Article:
What makes this film work so well is just how enthusiastic everyone seems to be throughout the film. Nothing feels half arsed and even the script, despite having the trademark Lucas dialogue, moves along at a smooth pace with plenty of action and conflict keeping events moving along. There’s no elongated scenes of people discussing duty or politics whilst either walking slowly down a corridor or sat in someones living room. If you do watch the prequels any time soon just make a mental note of every time the characters are not doing anything other than sitting around or walking whilst talking. In this film discussions are held while characters are being proactive. Luke is training with a targeting droid. Han is calculating the jump to lightspeed. C3PO is letting the Wookiee win. Stuff is happening with a purpose whilst the story is being progressed via character interactions. The original trilogy feel a lot more alive because of this.

There has been a few extra changes made to these new blu-ray special editions. Obvious ones include a terrible replacement for the Krayt dragon scream Obi-Wan makes to scare off some Sand People. I’ll post a link to a vide of that after this paragraph. R2-D2 is hiding behind a digitally added rock in that very scene which disappears a few shots later. So they actually added a continuity error. Well done. The sound and colour mix has been fixed after the mess that was the 2004 editions. Also a few lines of dialogue has been tweaked. Call me nuts but I think the gap between Greedo and Han’s shooting has been narrowed even further too. Apart from the Krayt dragon scream these are all small enough changes to not be an issue and in some cases an improvement.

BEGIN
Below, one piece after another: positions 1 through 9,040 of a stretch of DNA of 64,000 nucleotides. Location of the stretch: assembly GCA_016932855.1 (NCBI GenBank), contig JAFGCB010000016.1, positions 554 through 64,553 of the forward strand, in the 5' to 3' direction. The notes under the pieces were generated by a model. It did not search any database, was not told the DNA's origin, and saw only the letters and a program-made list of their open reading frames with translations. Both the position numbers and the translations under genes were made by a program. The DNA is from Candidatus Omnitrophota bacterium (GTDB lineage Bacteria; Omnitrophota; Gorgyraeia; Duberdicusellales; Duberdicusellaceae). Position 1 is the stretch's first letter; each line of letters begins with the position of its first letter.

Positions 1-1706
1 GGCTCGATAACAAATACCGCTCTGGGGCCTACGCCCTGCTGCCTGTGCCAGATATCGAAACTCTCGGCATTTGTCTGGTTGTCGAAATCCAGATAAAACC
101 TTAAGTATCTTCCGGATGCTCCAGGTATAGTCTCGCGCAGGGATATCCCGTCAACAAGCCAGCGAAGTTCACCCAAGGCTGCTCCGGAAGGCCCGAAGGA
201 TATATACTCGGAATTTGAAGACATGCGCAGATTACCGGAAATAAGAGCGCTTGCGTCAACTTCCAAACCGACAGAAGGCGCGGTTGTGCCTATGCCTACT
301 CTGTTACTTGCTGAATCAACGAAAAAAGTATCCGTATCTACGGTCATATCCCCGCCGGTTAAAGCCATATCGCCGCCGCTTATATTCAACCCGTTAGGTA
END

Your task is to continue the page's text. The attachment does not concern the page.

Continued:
Here’s a comparison of that Krayt Dragon scream. Oddly the footage in the second clip is from an earlier version, as evidenced by the missing digital rocks, but the scream is exactly the same. It’s so frigging bad.

Effects wise the Special Editions have always been a bit of an issue for me. Whilst they do a good job fixing stuff like the haze that can appear when shooting against a blue screen and the odd colour correction there is other elements that just jar now. CGI creatures walking around Mos Eisley, a CGI Jabba that looks entirely out of place and various other similar effects just don’t fit with the 70s style. One thing that makes the original trilogy stand out so well is just how much real texture there is to the environments, characters and models. The CGI effects are cool and all but they look too clean. Watch this film and look at how you can see scuffs and marks all over the droids and the space ships. Even Darth Vader’s helmet has fingerprints on it. With every element that has been added that real texture is lost. Even in the prequels when they did have practical effects for R2 and C3PO they had all the texture scrubbed off of them. Clean picture quality doesn’t mean no grit on the image.

You'll never find a more wretched hive of scum and villainy that Mos Eisley. Well apart from Woking town centre.

Overall though Star Wars A New Hope is the best launching point the franchise could have hoped for. It’s camp and silly in places but it’s an enjoyable film that doesn’t talk down to it’s audience or bore them to death. I’d still rather have a version that didn’t have the bad special edition edits in it but the version you get on the new blu-ray release is plenty fine for now. The colour and image quality has been treated with the utmost care and it really is the best the films have ever looked. If you are a parent with kids that wanna get into Star Wars then please show them the original trilogy first. It’s the way the series is meant to be viewed.

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About lvl54spacemonkey

Just a dude who likes movies and games and has delusions of working in one of those industries. Write screenplays and work on short films in my spare time. Most of which never get finished. View all posts by lvl54spacemonkey